SS9 4A Forts Defense / Microsoft Word Document

February 27, 2018 | Author: Anonymous | Category: History, European History, Renaissance (1330-1550), Feudalism
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Name/Date: Social Studies 9 Unit 4 Struggle for Control of a Continent

4A Forts and Defense in New France References: Cranny, M. (1998) Crossroads: A Meeting of Nations, Ch. 8 Leeuw et al (1985) Thinking About Our Heritage, A Hosford Study Atlas, p. 65-66 Topographic source: contour map, airphoto, or GoogleEarth video or filmstrip titles (e.g. Origins or Canada: A Peoples' History) Tasks: 1. Find and locate the following historical places on the map below: Fort Duquesne, Fort Frontenac, Quebec, Montreal. Louisbourg, Acadia, Fort Beausejour

2. Examine page 67 in the Hosford Study Atlas and answer the questions below. A. What does red represent on the maps? Purple? Brown?

B. What four purposes did the fortress towns of Quebec and Montreal have?

C. Describer the natural defenses (physical/geographic advantages) of Quebec and Montreal.

3. Examine page 71 in the Hosford Study Atlas and answer the questions below. A. What was the purpose of Louisbourg?

B. Describe some of its natural and man-made defenses.

C. Why were the walls so thick?

D. Why was a boom needed to preserve the French ships?

E. Which would be easier to defend: Quebec or Louisbourg? Explain your choice.

4. Look at pages 245-247 in Crossroads and answer the questions below. A. Compare what is says on Crossroads p. 246 and what Hosford says about Louisbourg... what else can you learn from the new information?

B. Examine the map on p. 245. Why would the Iroquois lands be important in a conflict between England and France? Why would the Iroquois want to ally with one side or the other?

5. OPTIONAL: Study a source which shows the topography of Quebec City (e.g. contour map, airphoto, or GoogleEarth). C. What is the obvious military advantage to the location of the citadel at Quebec?

6. OPTIIONAL Further reading. If you have completed the other questions, try these next two to give you a background an yet another area of conflict between the French and the British in North America. Read the “article” on Hudson Bay (next page) and answer the following questions. A. Explain what kind of product the Compagnie du Canada wanted from the native people? What happened to the company after the King Williams War.

B. Locate Albany Factory on a map. Why was the diversion of furs to Albany such a fear to the French? Who wanted to divert the furs and where were they to be diverted from?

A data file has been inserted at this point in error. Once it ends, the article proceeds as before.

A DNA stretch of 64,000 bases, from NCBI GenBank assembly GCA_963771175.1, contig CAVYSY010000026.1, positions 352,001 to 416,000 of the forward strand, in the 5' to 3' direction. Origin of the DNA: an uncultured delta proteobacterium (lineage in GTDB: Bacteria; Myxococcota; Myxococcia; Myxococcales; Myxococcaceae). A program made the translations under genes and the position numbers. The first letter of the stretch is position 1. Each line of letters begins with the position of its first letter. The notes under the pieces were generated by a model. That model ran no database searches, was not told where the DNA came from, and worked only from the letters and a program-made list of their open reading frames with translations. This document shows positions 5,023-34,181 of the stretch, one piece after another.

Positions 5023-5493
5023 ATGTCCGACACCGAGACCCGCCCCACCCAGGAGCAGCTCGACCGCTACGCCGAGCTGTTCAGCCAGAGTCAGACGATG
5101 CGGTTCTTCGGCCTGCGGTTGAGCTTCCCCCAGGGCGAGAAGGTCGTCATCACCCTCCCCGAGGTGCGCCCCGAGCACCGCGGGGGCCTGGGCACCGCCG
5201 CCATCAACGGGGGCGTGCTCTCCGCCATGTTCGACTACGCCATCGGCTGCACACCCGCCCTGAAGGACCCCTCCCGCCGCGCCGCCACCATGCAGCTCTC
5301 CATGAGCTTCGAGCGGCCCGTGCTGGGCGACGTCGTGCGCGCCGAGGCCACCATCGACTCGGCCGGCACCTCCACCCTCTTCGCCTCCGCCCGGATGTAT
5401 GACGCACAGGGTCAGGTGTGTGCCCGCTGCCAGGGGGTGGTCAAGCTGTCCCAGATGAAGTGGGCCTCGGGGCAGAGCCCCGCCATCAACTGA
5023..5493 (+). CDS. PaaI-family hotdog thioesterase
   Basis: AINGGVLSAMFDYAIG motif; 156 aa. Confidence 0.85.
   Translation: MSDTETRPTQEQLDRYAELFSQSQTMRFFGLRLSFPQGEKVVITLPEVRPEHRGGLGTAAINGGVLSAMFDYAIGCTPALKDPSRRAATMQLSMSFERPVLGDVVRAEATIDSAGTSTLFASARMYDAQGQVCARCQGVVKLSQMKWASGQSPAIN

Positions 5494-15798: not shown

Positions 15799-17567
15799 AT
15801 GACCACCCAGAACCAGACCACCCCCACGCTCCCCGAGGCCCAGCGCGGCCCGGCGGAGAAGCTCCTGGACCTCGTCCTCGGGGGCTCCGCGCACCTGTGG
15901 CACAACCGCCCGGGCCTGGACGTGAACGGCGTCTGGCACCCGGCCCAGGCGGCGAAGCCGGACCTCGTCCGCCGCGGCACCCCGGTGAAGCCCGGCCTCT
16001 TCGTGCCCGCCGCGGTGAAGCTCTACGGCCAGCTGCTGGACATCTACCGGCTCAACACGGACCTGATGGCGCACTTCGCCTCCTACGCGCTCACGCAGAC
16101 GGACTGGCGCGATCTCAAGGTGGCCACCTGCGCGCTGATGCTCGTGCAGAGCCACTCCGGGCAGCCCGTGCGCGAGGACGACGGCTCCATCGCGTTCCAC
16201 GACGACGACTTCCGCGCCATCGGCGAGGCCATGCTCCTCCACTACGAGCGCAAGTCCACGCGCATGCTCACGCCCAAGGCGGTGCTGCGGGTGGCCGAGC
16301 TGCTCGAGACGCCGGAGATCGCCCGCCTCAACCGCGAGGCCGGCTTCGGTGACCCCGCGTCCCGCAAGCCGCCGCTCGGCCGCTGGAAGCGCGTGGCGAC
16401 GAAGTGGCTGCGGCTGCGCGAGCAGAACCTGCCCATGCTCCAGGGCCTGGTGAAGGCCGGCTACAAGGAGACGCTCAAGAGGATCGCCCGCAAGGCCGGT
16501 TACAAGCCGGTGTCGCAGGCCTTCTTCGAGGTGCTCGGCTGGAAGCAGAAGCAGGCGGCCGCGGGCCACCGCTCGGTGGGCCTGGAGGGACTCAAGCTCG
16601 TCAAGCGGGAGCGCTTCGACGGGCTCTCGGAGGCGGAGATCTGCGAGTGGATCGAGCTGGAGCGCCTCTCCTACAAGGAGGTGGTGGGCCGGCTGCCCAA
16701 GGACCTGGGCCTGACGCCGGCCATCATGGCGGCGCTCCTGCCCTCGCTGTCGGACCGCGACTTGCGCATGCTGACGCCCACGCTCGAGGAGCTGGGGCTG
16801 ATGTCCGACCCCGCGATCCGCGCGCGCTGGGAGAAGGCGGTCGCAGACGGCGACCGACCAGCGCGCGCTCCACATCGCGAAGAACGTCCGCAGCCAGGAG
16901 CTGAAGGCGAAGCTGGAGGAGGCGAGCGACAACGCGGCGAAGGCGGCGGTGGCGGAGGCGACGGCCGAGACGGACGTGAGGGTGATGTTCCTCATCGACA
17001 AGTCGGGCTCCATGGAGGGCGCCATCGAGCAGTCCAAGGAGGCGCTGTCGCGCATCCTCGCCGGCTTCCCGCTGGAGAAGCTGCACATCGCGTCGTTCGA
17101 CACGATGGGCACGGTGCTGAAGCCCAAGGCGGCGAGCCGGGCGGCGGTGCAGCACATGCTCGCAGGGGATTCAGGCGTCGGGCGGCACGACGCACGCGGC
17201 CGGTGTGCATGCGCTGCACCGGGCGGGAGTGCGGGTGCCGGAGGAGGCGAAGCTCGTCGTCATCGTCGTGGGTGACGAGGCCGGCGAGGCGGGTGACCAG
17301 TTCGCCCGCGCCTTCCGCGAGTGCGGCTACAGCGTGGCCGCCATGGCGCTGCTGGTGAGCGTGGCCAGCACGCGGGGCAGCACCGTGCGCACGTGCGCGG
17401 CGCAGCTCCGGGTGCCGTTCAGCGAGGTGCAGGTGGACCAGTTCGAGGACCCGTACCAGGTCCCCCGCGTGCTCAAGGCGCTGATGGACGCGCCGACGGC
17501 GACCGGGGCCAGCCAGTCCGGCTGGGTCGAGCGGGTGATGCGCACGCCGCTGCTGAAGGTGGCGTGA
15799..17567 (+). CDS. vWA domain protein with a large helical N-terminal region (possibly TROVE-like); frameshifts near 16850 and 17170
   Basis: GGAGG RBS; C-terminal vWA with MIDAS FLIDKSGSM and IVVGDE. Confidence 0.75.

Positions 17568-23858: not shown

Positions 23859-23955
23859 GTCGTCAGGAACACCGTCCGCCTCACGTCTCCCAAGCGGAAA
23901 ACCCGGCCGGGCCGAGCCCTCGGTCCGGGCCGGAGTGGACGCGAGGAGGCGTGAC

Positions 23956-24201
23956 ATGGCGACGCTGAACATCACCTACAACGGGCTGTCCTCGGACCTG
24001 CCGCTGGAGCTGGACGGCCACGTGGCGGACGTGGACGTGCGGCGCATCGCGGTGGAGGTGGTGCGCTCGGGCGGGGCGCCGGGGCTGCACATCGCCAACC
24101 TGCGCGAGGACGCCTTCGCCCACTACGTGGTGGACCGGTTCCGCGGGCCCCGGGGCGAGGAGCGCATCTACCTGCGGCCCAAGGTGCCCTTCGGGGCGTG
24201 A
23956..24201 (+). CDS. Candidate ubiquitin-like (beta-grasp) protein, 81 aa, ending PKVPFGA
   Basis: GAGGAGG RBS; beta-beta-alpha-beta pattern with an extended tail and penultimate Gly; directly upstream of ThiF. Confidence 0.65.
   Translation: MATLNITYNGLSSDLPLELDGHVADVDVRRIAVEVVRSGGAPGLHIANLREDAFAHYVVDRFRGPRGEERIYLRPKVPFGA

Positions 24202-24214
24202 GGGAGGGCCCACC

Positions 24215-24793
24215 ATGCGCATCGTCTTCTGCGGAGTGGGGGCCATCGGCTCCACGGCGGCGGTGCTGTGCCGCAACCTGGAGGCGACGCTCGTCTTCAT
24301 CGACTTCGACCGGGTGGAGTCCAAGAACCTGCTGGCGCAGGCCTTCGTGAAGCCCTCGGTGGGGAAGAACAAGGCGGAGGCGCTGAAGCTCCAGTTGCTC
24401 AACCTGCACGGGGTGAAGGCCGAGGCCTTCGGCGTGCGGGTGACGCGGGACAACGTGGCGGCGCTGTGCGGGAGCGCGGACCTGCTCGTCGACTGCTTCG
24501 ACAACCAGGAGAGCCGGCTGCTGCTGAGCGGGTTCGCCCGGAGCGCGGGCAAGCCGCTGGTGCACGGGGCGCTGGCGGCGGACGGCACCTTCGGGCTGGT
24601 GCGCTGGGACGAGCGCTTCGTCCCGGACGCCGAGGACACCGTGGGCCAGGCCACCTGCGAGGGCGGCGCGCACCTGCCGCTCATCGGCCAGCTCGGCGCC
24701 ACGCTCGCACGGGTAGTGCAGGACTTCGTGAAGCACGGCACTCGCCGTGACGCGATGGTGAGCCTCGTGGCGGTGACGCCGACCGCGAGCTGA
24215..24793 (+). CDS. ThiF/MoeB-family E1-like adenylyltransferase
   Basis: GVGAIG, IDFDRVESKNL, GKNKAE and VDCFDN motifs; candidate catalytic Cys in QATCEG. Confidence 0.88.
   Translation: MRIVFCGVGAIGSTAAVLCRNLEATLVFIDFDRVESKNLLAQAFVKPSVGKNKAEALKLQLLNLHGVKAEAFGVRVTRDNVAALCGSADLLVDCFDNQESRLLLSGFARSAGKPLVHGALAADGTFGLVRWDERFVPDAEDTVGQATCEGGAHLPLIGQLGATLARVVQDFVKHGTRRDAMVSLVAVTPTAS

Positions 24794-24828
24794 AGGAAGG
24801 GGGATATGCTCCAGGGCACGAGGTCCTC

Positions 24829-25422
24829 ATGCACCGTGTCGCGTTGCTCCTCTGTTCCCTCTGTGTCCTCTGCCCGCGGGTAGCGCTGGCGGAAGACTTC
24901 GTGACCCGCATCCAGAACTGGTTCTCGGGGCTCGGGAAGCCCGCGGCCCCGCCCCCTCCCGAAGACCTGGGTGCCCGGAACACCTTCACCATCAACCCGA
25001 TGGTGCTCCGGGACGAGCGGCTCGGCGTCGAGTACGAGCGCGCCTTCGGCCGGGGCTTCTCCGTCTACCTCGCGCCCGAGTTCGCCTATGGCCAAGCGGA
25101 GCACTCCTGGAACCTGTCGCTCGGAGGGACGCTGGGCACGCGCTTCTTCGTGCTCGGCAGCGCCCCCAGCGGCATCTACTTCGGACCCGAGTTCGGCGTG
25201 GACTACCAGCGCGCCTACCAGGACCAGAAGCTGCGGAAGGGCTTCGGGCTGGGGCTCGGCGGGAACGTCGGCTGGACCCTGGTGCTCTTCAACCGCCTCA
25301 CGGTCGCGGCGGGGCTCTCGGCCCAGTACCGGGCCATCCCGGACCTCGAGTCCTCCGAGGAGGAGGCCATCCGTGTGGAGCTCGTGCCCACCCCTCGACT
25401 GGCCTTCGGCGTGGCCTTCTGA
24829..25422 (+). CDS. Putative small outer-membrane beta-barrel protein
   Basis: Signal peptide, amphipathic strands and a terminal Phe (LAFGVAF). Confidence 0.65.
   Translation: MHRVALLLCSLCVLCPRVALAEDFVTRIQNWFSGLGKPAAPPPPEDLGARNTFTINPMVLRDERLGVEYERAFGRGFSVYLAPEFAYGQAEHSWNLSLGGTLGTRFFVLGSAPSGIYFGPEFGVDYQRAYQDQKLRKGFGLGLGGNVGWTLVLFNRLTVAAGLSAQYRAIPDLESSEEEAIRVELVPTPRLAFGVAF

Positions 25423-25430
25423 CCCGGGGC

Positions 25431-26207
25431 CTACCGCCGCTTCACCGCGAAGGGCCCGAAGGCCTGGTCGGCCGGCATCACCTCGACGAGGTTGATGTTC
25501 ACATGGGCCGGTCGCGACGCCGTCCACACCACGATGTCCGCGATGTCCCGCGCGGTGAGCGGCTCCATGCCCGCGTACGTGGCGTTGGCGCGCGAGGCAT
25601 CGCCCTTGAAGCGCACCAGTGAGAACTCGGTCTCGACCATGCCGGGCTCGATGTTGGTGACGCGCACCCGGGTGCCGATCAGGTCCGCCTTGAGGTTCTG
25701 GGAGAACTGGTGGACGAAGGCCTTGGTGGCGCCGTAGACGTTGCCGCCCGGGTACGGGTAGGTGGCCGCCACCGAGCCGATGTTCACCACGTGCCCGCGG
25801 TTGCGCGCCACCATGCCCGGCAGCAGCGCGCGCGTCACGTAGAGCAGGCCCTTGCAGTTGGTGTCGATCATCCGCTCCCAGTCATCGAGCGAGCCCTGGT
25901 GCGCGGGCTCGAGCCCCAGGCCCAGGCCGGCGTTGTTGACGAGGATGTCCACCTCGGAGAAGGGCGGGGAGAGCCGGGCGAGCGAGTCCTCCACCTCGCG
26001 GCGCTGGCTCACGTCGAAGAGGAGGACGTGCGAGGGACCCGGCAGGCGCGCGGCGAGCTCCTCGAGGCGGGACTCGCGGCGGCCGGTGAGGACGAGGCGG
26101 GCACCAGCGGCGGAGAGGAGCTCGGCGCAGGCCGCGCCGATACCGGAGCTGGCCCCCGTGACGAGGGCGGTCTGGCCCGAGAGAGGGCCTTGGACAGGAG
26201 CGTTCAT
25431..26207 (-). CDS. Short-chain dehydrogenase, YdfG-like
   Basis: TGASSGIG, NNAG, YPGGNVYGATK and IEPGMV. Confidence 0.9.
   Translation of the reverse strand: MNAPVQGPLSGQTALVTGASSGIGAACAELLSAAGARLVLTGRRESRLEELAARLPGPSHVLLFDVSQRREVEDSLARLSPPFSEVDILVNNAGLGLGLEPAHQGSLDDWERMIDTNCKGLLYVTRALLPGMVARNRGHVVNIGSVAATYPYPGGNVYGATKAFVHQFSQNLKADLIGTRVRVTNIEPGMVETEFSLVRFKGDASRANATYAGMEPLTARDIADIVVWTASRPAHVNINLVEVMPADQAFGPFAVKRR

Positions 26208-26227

Hudson Bay

The failure of the Compagnie du Canada during King Williams war which ended in 1697 added to the loss of the fur supplies of Hudson Bay and left the economy of New France in a dangerous position. An attempt was now made, in spite of the strength of English competition, to bring prosperity back to the fur trade.

Renewal of trade

Since the end of the 15th century, and even when New France had enjoyed the profitable trade of Hudson Bay, trading (which was forbidden to the settlers) had been carried on only by small or unstable companies. In 1717, when trade became free in the interior of the colony, there was an increase in the amount of fur trading. In the same year, a large company, the Compagnie d'Occident, took over the export of beaver fur. This company was replaced in 1718, by a sounder enterprise, the Compagnie des Indes Occidentales.

The only important trade routes that France still possessed were those of the Great Lakes, where obstacles were endangering the whole fur trade. The Fox nation, who lived on the west coast of Lake Michigan, had almost been defeated in 1712. They were, however, continuing their war against the allies of the French. It was becoming evident that, through the Iroquois, the Foxes and their allies were attempting to divert the furs from the Great Lakes to the English trading posts at Albany on Hudson Bay. If this attempt were to succeed, the last great source of furs would be lost to New France. An expedition under Louvigny, in 1716, checked the Foxes a second time, and regular trade was re-established. Then the Foxes created new trouble. After six years, 1728-1734, the French managed to destroy and disperse them for good. Trade returned to normal.

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